The Lighthouse Self-Guided Tour

I have spent over a month exploring and learning about Fire Island National Seashore. The main duty of my internship is outreach and communication of unrepresented communities about the park. Fire Island is located on the southern part of Long Island, where an immense population of Latinos lives. Most of the Latino population that lives near the park is unaware of the history and wonder of Fire Island National Seashore since the park has a low number of Latino visitors. I have visited all the park’s sites -Watch Hill, Sailor’s Haven, William Floyd Estate, the Wilderness Center, and the Lighthouse- and learned about the different operations and programs that are held there. The majority of the surrounding Latino Community feel more comfortable when they receive Spanish content, so for my project I asked to join Ranger Kelsey Sucena and Ranger Julie Flores in a special self-guided tour about the Fire Island Lighthouse; I’ll be working on the Spanish version of the tour by transcribing it in audio and script form.

The top of the lighthouse tower. Photo: NPS/Sucena

The Fire Island Lighthouse is a historic site of Long Island that served as an important navigational tool when the New York Harbor became an important site for transatlantic trade. The original lighthouse was built in 1826, but it was later replaced by a taller, more advanced one in 1858. The Fire Island Lighthouse is one of the most accessible sites in Fire Island National Seashore since it can be reached by driving there as supposed to taking a ferry to Watch Hill or Sailor’s Haven. The main idea of having the self-guided tour is Spanish is because is probably the park’s site that most of the Latino population visit, thus when they visit the lighthouse, they can take a comprehensive tour of the site in Spanish. The main plan for now is creating this self-guided tour in a bilingual form, yet this project can be implemented to Sunken Forest self-guided tour in the NPS app, or any other program in the park’s sites to have a bilingual setting in which Latino visitors feel comfortable when visiting Fire Island National Seashore.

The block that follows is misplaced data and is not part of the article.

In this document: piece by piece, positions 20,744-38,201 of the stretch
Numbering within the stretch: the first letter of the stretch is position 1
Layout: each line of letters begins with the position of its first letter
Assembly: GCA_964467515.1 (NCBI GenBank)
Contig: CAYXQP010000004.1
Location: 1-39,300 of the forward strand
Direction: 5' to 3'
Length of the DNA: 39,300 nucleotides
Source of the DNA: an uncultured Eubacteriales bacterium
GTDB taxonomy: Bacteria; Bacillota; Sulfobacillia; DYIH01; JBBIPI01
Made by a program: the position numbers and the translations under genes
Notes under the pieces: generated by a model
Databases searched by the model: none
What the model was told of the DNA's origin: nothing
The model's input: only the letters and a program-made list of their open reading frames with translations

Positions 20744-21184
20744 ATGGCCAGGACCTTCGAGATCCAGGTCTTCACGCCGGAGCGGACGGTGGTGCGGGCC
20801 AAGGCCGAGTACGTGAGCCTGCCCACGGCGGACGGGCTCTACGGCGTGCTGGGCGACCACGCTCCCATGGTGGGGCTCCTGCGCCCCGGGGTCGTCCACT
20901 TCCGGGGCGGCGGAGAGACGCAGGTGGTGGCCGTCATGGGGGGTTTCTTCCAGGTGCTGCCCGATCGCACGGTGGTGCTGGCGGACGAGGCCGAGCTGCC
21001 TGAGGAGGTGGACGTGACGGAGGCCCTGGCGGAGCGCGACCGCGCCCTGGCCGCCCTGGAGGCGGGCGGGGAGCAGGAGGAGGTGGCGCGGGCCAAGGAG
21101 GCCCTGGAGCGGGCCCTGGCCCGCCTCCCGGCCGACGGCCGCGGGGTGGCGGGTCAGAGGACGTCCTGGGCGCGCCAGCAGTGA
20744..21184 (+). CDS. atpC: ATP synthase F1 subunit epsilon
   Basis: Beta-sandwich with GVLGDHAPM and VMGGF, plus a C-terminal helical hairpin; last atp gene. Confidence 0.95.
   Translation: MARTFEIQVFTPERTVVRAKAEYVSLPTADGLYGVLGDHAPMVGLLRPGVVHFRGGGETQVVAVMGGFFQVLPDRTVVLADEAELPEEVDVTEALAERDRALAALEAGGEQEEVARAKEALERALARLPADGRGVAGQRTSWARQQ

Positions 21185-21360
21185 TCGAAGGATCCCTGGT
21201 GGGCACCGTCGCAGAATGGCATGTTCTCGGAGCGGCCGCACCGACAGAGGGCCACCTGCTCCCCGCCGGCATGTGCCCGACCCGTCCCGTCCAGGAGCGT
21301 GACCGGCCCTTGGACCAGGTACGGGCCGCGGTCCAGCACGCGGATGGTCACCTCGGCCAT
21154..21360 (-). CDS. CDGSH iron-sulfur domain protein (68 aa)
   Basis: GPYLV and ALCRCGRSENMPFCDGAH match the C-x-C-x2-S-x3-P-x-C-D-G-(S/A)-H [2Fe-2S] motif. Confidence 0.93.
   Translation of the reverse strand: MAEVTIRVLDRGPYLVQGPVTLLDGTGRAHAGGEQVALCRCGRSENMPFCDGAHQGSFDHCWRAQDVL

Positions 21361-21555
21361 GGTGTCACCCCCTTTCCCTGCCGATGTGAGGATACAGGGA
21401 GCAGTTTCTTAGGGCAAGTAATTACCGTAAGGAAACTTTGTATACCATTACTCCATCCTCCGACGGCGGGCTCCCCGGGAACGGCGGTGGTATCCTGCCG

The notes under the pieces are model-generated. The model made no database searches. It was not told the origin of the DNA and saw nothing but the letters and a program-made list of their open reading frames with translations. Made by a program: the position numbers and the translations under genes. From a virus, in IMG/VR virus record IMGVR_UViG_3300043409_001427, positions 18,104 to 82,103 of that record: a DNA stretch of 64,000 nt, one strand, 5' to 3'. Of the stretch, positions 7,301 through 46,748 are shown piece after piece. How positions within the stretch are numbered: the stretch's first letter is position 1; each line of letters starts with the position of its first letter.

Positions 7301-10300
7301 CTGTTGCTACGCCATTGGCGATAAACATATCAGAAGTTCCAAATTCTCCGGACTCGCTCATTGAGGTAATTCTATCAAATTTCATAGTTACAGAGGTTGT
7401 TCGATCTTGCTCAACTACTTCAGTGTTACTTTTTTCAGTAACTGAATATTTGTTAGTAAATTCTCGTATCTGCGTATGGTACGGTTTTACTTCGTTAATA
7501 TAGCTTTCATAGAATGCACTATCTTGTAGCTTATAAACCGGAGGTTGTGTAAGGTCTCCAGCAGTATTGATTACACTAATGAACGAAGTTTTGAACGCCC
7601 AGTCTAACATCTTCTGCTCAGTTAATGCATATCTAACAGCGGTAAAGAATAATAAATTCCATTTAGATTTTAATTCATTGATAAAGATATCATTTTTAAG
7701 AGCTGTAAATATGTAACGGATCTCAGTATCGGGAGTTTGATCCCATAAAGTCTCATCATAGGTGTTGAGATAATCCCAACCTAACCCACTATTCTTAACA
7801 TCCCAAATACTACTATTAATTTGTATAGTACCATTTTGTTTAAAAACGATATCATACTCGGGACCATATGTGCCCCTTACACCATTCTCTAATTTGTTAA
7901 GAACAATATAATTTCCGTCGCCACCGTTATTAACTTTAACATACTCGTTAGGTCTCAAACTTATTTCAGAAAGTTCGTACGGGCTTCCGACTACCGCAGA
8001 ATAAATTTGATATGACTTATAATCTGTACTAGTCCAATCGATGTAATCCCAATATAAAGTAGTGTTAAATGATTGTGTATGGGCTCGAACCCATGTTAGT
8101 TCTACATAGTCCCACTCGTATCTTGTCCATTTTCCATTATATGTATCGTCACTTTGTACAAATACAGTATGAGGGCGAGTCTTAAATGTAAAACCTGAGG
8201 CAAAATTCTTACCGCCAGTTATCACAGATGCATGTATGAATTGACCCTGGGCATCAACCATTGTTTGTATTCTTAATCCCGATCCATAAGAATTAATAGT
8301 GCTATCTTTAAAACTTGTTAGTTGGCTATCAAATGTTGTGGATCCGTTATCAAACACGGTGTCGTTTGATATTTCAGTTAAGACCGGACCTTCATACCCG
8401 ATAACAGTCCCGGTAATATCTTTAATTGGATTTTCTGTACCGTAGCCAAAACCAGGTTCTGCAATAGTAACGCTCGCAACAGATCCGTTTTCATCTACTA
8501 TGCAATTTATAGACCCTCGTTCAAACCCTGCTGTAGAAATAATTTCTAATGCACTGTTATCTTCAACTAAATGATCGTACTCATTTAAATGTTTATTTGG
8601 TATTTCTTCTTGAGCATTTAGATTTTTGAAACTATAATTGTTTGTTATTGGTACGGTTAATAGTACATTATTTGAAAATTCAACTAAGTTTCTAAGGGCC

Picture of first order Fresnel lens that illuminated the lighthouse tower.

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